Amazingly, day by day, Ken began improving and after 2 months was able to go back to work for short days. Sometimes it felt like 3 steps forward and 2 steps back, but gradually he gained more strength and endurance.  Sometimes the improvements were so slight, we didn’t even notice them.  But by the fall of 2007, when Ken caught himself partway through a fall, he acknowledged that yes, his illness had subsided. Of course, we often wonder if he will fall victim to dermatomyositis again, and if a person is ever completely healed of an autoimmune disease…

But for now, we live by faith, thankful for what has been restored.

This June marks the 10 year anniversary since his diagnosis in 2002. 

Mennonites Meet With President Roosevelt

Written Spring of 2010

I recently read again a book my father treasured, The Franconia Mennonites and War by Willard Hunsberger.  Many years before when I had looked at it, I had been sitting with my dad and he had pointed out men that I knew that had served at various Civilian Public Service (CPS) camps during WWII. Now, seven years after my dad’s death, I was looking at it again in a new way.  It was written in 1951 when the historical facts of World War II were still easily remembered and dedicated to John E. Lapp “who first conceived the idea of this volume.” Just as in 1951 “it is important that the rising generation be reminded of the faith of our fathers who were willing to leave home and country to maintain a good conscience.”

I didn’t realize the extent of the Mennonite church’s political involvement leading up to WW II, in 1937-1940. During that time, Mennonite church leaders wrote resolutions stating the Mennonite’s convictions regarding war and even met with President Roosevelt on more than one occasion.  Along with the Church of the Brethren and Society of Friends, the Mennonites continued to advocate a place of recognition for their young men that had a conscience against the “destruction of human life.” Orie Miller (pictured above on the National Service Board for Religious Objectors [NSBRO]), Harold S Bender, and E L. Harshbarger were just a few of the Mennonite leaders that worked tirelessly during this time period by traveling to Washington DC and presenting proposals that outlined the foreign relief, mental and medical health projects, and reforestry work that could be accomplished in CPS camps. But the actual 1940 presidential approval came only after the Mennonite Church agreed to finance the CPS camps and the men.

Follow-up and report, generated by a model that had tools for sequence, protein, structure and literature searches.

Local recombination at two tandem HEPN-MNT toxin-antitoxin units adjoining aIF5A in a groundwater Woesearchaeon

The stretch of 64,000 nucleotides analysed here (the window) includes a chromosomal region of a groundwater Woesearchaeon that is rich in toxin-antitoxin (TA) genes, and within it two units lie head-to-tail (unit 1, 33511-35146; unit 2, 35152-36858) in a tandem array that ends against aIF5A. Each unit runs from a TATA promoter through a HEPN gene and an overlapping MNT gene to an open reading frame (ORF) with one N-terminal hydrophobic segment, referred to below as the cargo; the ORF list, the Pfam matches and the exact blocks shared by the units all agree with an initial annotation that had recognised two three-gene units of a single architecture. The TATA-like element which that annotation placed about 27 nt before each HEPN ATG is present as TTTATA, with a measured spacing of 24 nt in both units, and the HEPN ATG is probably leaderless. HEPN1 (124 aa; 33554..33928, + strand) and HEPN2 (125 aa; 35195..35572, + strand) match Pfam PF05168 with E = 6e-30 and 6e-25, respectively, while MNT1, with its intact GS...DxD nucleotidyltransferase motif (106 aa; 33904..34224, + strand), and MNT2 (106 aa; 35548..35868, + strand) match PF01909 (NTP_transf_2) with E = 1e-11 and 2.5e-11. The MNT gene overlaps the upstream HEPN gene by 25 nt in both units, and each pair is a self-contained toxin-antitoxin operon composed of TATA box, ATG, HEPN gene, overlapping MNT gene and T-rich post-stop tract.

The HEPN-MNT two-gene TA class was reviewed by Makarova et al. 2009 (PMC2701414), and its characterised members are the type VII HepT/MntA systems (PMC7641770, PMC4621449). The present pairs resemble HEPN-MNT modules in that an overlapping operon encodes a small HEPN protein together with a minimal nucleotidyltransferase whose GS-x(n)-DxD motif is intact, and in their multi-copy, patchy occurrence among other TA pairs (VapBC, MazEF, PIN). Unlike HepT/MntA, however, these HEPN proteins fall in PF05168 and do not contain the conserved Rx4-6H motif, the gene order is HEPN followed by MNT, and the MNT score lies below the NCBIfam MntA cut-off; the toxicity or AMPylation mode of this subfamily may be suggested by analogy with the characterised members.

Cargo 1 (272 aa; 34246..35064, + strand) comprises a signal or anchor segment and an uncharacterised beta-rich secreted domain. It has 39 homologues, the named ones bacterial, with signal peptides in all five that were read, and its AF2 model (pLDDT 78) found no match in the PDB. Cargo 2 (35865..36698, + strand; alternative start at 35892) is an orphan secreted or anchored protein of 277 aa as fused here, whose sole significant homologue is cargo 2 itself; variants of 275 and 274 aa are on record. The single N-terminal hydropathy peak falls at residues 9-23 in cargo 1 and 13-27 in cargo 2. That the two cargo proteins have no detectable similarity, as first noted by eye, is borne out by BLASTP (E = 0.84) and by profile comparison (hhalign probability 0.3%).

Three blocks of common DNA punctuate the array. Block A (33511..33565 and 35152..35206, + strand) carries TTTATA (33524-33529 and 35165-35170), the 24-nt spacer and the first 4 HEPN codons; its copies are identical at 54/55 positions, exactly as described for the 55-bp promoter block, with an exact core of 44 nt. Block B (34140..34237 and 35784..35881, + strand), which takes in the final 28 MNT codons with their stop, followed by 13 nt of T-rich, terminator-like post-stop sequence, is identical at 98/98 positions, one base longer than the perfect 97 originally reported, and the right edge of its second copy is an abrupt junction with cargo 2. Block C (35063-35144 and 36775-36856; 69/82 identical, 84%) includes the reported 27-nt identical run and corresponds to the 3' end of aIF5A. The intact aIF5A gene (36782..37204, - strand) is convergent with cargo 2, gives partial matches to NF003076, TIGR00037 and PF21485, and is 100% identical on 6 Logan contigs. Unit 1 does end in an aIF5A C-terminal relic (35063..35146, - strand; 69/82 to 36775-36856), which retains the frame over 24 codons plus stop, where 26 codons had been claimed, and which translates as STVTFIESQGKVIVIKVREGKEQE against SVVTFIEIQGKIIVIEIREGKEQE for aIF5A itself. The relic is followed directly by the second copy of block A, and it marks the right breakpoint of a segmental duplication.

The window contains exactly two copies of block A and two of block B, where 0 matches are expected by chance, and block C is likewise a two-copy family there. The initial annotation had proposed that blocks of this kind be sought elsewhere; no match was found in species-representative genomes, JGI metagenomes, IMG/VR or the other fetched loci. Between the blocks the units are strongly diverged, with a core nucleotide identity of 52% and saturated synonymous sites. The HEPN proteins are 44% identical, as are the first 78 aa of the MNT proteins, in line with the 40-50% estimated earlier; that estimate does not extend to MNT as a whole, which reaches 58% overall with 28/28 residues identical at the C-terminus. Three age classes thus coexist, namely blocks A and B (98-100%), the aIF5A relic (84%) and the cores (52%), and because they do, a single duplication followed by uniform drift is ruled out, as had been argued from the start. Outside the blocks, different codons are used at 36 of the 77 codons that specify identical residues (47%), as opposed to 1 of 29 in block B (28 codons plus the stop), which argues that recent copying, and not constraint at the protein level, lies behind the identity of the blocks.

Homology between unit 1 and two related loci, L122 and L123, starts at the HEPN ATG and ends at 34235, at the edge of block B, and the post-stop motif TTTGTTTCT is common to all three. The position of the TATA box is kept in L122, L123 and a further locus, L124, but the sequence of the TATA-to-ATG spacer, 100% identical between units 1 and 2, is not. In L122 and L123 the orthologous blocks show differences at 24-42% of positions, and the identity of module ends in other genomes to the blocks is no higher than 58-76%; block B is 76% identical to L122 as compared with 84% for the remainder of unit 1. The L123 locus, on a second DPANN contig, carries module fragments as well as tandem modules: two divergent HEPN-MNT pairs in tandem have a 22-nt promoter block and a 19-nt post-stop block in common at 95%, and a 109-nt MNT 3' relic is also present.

In our Franconia Conference, a Peace Problems Committee of John E. Lapp, Jacob M. Moyer, and Jacob C. Clemens was formed.  “To aid in teaching nonresistance and to impress upon the people the urgency of the situation, the committee arranged for a Nonresistance Conference for September 3 and 4, 1939, which was held at Souderton Church.”  After President Roosevelt signed the Burke-Wadsworth Conscription Act,  making it law that all male residents between the ages of 21 and 35 register with their local draft board, this committee was on constant call, assisting registrants in filling out questionnaires, interviewing draft boards, and advising young men of draft age.  Many men from Franconia Conference benefited from the cordial relationship between the draft boards in Lansdale and Doylestown and the peace committee members, particularly John Lapp.  John helped many men navigate the unfamiliar world of Selective Service Law and draft board members that questioned their sincerity.  

These men had an immense support from their churches when they took that step of proclaiming their conscientious objection to war.

See http://civilianpublicservice.org/ for more information.

Spiritual Battles

Written Winter of 2003

Life seems so hard
behind each bend lies a torn curtain of pain
hope crumbles within
disappointment, renewed defeat emerges
Where do I turn for hope?
God feels too distant, caught behind
           critical spiritual leaders
           that only see my faults
Where is God? Does he still hear my cry,
harken his ear to my heartfelt prayers?

The disappointment starts as a kernel
         just a smidgeon
As night comes, it grows and peaks
        through the undergrowth
When all is quiet the sad loss of hope
        rests and cries in anguish
It enjoys the lack of light and revels